Is IoT Perfect Parity Between Technology and Security?

According to the IOT council there are about 2 Billion mobile phones currently connected to the internet, on a contrary, there were 300 Million desktop PCs connected in 2000.

And it is expected that by 2020 almost all the accessories in our home such as refrigerator, washing machine, kettles, coffee pots, alarm systems etc, will have the power to get connected to the internet.

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IoT’s roots back 1970’s with ATMs – the first end consumer-oriented machine to be connected online.

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It is also believed that the concept of a network of smart devices was taken up in 1982. With a modified Coke machine becoming the first internet connected device, at Carnegie Mellon University.

The term Internet of Things was first conceived by Kevin Ashton in 1999 while working at Procter & Gamble. But even after 17 years, 87% of people actually have no idea of what IoT means and what it stands for. Mainly because internet (IoT) connected devices have been adapted mostly in business and healthcare sectors than consumer markets.

The onset and aggressive growth of internet connected devices also have the power to change the world. IoT devices can automate and simplify many aspects of our everyday lives. Like smart home can adjust the temperature and turn on AC, lights for us, a smart car can help us reach our destinations, smart appliances will schedule their own maintenance.

The Koreans, Danish and Swiss have the most things connected to the internet, according to data from the Organization for Economic Cooperation and Development (OECD).


Studies evaluating the market size and growth potential for the retail IoT suggest that retailers have already made a substantial investment in areas such as supply chain monitoring, inventory, management, asset tracking and payment processing. In a report submitted by Juniper Research on July 2015, expects that by 2020 retailers worldwide would spend $2.5 Billion on IoT-related hardware.

As IoT’s are gonna have dominance over our life, these headless devices will carry challenges of their own and one of them being connectivity. These devices will need to sight a network and automatically connect to that network without human involvement. Telecommunications Company, such as AT&T suggested that cellular network will be the way to go.

But too many devices will be difficult to be handled by cellular networks especially when the connections has to be fast. Furthermore, cellular connectivity is overpriced as compared with other connectivity methods. A better alternative is Wi-Fi connectivity.

According to Republic Wireless, the number of Wi-Fi hotspot will reach 340 Million by 2018, which comes down to one hotspot for every 20 people. The biggest advantage of Wi-Fi over cellular is the fact that Wi-Fi is a global standard. Subscribers can connect to Wi-Fi through any device in any country on the contrary cellular standards vary from country to country. And bring in Roaming charges and SIM card changes. Using Wi-Fi, manufacturers can market their IoT products globally maintaining one standard specification.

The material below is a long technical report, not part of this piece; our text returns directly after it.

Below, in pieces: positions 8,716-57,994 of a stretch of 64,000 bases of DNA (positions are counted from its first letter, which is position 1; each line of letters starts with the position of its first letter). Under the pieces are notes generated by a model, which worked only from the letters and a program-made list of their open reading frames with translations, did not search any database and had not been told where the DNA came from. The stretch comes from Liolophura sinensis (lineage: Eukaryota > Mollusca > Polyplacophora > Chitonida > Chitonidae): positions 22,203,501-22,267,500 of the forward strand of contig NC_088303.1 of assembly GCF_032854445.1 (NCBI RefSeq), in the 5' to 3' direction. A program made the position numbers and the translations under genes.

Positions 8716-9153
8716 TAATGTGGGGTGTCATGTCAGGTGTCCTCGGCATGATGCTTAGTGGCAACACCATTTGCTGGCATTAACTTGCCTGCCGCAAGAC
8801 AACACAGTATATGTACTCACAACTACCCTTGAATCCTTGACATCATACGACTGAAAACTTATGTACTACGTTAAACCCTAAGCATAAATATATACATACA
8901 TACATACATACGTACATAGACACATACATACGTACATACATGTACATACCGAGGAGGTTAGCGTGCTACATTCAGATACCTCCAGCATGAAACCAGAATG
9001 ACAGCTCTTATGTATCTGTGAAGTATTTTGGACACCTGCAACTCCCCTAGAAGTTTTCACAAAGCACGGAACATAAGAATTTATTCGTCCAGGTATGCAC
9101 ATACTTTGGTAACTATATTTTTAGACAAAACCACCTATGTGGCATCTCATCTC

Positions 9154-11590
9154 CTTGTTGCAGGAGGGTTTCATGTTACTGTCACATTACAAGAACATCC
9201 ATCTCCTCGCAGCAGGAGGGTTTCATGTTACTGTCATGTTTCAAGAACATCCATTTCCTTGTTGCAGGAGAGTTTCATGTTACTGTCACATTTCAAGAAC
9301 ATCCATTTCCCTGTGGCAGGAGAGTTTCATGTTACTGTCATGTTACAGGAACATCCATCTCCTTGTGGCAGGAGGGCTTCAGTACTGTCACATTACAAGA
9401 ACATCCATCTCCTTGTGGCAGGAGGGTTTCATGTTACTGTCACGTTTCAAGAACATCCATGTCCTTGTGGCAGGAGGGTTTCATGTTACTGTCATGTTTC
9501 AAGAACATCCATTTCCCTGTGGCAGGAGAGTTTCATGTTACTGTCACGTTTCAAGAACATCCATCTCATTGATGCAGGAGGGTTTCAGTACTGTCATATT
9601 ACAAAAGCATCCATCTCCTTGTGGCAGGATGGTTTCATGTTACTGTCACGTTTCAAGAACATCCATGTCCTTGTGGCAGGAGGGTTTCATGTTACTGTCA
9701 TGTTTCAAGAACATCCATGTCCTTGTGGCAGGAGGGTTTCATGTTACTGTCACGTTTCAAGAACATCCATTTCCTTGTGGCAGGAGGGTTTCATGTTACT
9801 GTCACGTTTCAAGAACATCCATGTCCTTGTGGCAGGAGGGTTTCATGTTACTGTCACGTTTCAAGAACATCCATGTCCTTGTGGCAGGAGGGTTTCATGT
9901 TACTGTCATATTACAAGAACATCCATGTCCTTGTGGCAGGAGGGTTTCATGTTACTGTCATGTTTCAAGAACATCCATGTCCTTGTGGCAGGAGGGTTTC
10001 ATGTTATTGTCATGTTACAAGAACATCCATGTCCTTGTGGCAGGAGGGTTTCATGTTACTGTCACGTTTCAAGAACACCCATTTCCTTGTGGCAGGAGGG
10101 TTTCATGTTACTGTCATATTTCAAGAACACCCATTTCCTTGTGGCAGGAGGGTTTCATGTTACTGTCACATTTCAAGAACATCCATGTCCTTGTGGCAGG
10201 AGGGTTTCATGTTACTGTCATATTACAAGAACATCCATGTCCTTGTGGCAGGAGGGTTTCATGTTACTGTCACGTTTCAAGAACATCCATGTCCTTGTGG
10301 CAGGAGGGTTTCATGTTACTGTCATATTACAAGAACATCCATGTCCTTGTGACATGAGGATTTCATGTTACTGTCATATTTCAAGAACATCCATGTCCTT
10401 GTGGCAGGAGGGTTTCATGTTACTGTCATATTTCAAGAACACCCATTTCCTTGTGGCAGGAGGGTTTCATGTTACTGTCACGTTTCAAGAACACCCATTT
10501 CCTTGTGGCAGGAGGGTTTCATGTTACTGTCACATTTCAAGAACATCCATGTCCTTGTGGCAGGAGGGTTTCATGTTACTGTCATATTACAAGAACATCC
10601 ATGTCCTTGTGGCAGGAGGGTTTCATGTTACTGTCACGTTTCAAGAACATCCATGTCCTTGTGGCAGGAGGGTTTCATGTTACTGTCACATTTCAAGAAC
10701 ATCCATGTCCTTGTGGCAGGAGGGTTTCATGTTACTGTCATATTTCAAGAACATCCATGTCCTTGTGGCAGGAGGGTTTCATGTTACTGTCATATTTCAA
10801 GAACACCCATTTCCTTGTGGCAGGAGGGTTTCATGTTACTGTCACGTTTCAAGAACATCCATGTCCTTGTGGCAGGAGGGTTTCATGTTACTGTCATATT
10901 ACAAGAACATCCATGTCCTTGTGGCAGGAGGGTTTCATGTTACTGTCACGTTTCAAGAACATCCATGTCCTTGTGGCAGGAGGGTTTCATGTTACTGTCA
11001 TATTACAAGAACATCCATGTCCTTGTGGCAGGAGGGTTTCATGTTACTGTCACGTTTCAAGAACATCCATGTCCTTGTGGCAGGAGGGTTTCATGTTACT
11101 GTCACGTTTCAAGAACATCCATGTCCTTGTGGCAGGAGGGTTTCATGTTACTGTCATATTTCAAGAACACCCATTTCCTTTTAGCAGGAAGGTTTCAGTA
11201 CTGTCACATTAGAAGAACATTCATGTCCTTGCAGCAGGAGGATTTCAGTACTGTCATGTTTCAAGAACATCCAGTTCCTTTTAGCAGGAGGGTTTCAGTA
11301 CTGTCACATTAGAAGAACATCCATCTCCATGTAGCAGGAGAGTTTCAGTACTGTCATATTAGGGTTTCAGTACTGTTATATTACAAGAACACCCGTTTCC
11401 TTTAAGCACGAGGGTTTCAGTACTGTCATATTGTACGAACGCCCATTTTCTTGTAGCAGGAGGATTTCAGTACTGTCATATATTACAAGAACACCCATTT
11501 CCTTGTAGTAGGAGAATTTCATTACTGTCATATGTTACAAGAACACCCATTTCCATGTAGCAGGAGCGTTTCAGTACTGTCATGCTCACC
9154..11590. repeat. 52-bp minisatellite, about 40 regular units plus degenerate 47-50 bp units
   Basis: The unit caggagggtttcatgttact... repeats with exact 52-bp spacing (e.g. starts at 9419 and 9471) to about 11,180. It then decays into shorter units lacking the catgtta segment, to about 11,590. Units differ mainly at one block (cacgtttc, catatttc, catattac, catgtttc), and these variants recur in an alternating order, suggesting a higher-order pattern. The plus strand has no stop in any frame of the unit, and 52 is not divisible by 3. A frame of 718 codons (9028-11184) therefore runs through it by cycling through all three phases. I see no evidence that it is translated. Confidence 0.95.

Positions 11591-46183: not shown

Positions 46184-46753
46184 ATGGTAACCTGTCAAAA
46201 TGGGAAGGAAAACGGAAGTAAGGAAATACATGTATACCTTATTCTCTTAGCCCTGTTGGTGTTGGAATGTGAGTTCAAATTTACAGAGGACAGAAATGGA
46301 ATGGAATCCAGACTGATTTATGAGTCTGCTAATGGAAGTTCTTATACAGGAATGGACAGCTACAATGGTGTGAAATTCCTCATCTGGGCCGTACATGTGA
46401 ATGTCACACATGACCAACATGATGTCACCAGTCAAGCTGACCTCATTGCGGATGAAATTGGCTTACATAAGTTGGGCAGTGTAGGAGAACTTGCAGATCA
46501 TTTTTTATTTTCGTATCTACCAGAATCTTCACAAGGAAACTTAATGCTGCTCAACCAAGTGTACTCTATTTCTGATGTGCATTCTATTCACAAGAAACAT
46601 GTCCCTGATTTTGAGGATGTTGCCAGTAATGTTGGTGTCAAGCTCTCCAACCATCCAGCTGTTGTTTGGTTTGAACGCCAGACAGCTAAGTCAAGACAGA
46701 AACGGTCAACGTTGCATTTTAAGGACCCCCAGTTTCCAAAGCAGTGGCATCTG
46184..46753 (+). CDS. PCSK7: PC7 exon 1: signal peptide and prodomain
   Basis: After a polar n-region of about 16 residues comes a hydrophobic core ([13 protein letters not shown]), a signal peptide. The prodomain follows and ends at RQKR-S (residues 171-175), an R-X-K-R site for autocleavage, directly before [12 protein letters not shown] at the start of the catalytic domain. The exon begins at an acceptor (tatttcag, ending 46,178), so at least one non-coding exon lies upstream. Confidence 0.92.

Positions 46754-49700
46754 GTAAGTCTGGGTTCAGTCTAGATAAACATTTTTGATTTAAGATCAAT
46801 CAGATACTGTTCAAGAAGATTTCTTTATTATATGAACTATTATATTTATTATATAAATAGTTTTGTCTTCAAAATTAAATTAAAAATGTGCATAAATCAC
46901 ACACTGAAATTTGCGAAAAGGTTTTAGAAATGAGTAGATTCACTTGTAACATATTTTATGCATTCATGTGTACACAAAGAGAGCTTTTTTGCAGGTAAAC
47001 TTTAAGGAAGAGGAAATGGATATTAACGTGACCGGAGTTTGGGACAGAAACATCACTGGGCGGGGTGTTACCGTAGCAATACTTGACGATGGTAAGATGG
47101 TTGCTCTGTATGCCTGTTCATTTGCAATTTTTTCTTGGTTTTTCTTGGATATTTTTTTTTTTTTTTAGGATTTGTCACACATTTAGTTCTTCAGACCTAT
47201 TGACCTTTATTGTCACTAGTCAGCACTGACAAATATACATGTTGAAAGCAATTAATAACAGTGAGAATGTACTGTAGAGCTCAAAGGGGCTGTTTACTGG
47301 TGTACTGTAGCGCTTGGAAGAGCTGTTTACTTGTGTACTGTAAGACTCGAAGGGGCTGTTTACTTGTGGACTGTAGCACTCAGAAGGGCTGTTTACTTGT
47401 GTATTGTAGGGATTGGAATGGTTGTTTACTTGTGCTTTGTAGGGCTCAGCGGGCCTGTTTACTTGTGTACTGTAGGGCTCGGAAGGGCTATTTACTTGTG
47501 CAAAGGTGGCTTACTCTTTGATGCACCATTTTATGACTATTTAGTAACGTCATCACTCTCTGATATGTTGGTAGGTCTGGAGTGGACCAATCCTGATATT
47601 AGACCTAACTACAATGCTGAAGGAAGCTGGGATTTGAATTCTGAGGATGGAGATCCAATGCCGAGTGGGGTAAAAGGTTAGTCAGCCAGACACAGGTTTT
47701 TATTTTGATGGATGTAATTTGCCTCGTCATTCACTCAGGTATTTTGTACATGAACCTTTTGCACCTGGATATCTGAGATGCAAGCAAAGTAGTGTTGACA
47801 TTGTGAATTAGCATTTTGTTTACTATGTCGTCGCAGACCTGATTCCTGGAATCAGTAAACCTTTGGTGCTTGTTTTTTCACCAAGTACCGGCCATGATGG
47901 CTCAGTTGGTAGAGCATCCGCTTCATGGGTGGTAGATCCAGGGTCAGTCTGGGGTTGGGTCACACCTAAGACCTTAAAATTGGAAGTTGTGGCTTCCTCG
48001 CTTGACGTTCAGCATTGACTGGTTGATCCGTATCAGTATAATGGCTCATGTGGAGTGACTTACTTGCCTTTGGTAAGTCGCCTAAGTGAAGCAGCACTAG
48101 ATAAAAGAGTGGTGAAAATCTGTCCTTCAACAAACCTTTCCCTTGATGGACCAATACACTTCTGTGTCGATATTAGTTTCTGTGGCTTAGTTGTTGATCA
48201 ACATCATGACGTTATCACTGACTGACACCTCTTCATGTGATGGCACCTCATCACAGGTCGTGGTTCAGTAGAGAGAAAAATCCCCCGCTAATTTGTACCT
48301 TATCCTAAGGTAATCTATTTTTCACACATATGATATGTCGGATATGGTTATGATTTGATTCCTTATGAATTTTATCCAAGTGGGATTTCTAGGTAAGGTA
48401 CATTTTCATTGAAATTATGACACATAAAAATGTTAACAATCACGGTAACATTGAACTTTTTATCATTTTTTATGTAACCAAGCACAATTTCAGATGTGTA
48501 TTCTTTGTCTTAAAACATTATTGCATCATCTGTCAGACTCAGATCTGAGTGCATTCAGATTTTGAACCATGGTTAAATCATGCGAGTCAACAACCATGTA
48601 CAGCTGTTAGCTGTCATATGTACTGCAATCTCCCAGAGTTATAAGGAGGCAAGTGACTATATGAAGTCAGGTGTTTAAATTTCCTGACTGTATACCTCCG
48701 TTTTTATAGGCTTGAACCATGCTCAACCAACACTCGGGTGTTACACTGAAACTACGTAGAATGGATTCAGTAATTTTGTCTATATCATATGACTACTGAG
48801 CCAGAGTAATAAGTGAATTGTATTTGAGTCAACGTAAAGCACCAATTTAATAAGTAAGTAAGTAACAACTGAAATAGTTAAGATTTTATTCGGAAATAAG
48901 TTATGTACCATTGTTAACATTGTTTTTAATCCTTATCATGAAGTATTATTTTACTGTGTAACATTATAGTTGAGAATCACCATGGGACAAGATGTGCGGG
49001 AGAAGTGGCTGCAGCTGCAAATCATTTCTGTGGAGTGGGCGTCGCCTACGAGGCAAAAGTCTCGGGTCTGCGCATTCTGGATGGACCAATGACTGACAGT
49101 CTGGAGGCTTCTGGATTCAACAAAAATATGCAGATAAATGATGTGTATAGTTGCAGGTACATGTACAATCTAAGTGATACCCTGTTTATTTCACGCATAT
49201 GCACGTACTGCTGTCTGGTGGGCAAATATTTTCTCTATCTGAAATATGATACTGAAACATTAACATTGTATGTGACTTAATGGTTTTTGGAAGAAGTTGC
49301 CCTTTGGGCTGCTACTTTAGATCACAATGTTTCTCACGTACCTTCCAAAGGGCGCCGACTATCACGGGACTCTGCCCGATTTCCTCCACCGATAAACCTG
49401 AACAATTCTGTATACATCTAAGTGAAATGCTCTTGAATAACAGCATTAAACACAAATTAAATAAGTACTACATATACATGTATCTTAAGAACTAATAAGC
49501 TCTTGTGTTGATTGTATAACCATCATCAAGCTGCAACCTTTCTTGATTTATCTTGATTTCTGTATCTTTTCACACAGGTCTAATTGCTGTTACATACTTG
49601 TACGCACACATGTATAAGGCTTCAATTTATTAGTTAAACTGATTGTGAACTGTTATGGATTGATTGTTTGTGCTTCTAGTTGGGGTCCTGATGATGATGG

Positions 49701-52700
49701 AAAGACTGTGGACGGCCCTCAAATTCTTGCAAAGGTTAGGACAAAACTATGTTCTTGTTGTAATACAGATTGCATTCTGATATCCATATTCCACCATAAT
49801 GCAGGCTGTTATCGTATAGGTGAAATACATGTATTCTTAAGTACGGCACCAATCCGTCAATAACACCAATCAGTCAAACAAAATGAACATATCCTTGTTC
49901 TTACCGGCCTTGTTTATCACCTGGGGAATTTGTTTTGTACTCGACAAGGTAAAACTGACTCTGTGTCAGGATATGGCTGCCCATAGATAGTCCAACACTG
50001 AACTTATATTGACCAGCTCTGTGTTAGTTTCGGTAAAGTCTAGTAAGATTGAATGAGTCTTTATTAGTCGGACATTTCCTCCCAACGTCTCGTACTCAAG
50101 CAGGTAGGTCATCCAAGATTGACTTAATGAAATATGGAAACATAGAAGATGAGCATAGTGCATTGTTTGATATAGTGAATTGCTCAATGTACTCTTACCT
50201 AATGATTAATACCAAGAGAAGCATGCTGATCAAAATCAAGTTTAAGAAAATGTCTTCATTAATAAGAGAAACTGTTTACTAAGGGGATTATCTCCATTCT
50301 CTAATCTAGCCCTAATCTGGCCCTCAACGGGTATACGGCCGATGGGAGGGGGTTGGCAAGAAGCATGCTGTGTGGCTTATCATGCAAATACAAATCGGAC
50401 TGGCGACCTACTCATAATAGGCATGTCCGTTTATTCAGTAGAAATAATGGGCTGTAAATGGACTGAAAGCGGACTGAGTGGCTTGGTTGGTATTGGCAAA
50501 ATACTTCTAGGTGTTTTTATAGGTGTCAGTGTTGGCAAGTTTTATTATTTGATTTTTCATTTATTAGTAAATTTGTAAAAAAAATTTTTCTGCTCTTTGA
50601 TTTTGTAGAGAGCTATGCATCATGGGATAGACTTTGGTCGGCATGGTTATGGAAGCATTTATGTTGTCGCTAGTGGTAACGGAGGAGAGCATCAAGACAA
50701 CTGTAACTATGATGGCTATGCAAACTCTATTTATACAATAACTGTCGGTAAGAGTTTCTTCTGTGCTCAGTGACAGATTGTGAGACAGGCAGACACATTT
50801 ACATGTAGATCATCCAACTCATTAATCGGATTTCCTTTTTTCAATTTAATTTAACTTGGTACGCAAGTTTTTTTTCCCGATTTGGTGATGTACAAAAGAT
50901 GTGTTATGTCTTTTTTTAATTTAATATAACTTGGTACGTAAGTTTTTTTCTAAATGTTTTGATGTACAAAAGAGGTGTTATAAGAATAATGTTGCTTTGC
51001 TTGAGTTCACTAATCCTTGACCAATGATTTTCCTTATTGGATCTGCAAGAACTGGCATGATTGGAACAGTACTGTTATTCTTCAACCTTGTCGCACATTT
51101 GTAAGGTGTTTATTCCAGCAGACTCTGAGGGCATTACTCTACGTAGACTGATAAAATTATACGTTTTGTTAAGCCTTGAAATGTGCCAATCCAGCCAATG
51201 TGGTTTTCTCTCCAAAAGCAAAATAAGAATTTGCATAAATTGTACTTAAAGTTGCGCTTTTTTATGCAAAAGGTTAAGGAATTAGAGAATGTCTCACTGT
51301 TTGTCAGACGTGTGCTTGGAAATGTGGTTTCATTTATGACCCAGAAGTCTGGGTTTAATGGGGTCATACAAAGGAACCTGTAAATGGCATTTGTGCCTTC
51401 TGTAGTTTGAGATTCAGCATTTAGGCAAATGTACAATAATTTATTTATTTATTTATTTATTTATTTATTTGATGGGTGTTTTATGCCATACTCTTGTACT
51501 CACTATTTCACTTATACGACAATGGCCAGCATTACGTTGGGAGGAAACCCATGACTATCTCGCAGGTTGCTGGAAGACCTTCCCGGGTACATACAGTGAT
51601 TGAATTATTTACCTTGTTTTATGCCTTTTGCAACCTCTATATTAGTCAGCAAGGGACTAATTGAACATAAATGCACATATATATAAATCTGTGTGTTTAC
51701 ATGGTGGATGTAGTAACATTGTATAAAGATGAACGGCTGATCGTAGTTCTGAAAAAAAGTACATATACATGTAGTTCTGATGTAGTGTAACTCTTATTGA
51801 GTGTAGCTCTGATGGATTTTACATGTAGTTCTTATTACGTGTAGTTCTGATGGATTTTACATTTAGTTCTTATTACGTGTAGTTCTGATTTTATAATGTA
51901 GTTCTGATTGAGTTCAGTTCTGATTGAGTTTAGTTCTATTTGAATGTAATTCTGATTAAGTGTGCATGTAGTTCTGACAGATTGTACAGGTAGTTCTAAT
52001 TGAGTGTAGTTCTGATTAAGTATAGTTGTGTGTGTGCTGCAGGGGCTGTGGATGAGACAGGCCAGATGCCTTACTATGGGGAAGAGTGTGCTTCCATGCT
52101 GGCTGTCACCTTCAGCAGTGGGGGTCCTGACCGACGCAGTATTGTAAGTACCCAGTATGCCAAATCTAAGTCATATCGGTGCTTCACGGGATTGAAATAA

Data security

According to HP security survey, nearly 70% of frequently used IoT devices have some serious security vulnerability. In the race to bringing the next big thing to the market the innovators and the entrepreneurs are putting security concerns second. We may not worry about this much but these IoT devices are collecting a lot of information about our private lives.

Imagine the refrigerator that orders the milk must have some payment method set up with the grocery store. The thermostat keeps a record and anticipates when you are likely to be back home. And the smart-watch or fitness tracker must have private info about health and habits that you only prefer your doctor to know about.


Data theft is not the only threat from IoT devices.

Hackers have proved their capabilities by taking control of a jeep’s, steering, brake and transmission systems remotely while it was being operated. In a similar exhibition, hackers had taken over the controls of Tesla. Connected cars are among the most awaited and hyped innovation that IoT expects to deliver. But as the cars become automated the more they are vulnerable to hacker’s attack.

Smart TV’s also made news last year when Samsung Smart TV revealed that Samsung TV, listened and recorded a private conversation and send that data to Samsung’s server for analysis, Imagine if a corporation can do that so can the hackers can spy on you. Reports of hackers hacking into Baby monitors reveals that not even the top Internet-connected baby monitors are immune to hackers.

If all the pain and consumer suffering is to be averted, then IoT industry needs to focus some of its delirious energies not just on product, but also on experiences, says Hossein Rahnama (Follow him on Twitter: @hosinux) CEO and founder of Flybits “35 Innovators Under 35” award recipient

IoT’s are still in their early days, we need more developments in the field of security and privacy. Hence, the balance between technology and security is a long haul.

Recently (April 9), the world celebrated Global IoT day. Twitter was flooded with thoughts and quotes by industry leaders. See some of the twitter responses.

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